Top critical review
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on 30 January 2013
Memory is identity, and this is what ought to have guided Buarque's Spilt Milk. We are the narrative we have constructed out of our past, and when that narrative begins to unravel, there can be but little left. So when Assumpçao's memories begin to dissolve and merge into the present as he lies, aged one hundred, on a hospital bed, we know he must be close to the end. Buarque manages to hold our attention for a full novel's worth of remembrances. Sweetly nostalgic yet sober-minded, Assumpçao's account takes us on a long, slow-motion slide from Copacabana villa to emergency room stretcher through the hovels of a Rio suburb. And as socio-historical sketch, this works. The narrator, the hero, is the scion of an aristocratic family from Brazil's imperial times, but through ill luck and pusillanimous children, he sees it all wasted and he descends to the level of the poor, coloured people he once patronised. Bit by bit, whether through political or personal circumstance, he loses it all until all he has left is his name.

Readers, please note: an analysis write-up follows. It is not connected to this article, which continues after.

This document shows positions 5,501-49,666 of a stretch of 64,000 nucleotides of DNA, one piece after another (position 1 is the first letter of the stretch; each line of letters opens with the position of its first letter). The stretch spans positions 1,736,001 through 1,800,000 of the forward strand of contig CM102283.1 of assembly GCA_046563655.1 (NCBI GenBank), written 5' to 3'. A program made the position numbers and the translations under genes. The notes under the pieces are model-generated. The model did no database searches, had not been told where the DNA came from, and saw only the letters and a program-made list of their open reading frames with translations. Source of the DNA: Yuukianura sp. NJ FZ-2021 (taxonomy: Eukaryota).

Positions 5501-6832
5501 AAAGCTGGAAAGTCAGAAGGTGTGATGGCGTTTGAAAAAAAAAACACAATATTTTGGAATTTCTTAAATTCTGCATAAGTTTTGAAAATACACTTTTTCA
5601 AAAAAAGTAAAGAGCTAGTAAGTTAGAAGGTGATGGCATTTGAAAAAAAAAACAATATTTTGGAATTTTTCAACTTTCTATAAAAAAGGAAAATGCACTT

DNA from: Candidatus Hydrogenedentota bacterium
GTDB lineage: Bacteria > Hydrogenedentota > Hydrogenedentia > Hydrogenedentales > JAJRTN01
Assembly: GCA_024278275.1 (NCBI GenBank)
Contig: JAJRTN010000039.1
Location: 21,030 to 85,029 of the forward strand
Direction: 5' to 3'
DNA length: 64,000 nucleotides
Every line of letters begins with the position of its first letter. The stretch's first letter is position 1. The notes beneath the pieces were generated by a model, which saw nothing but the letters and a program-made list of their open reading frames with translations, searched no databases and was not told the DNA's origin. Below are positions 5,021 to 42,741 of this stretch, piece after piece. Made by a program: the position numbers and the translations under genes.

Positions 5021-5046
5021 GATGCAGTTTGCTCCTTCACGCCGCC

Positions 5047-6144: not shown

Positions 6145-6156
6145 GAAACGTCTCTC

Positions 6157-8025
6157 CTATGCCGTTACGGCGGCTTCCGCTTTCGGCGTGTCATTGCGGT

As a private drama, however, this is less engaging. The problem is that the faltering mind of a dying man is a poor guide to constructing a cast of characters. Central to Assumpçao's memories are his wife Matilde, but such are his divagations that one is left unsure whether she left him, died young, or never existed. Indeed she might only be a fantasy born of that young nurse to whom he purports to be telling his life story. Rather than feeling touched, though, we are left bemused. The same goes of the relationship with the narrator's son, or is it his grandson, or great grandson and after all, do we care? When memories go, everything goes: the problem is that it is difficult to build a sufficiently engaging novel around that premise.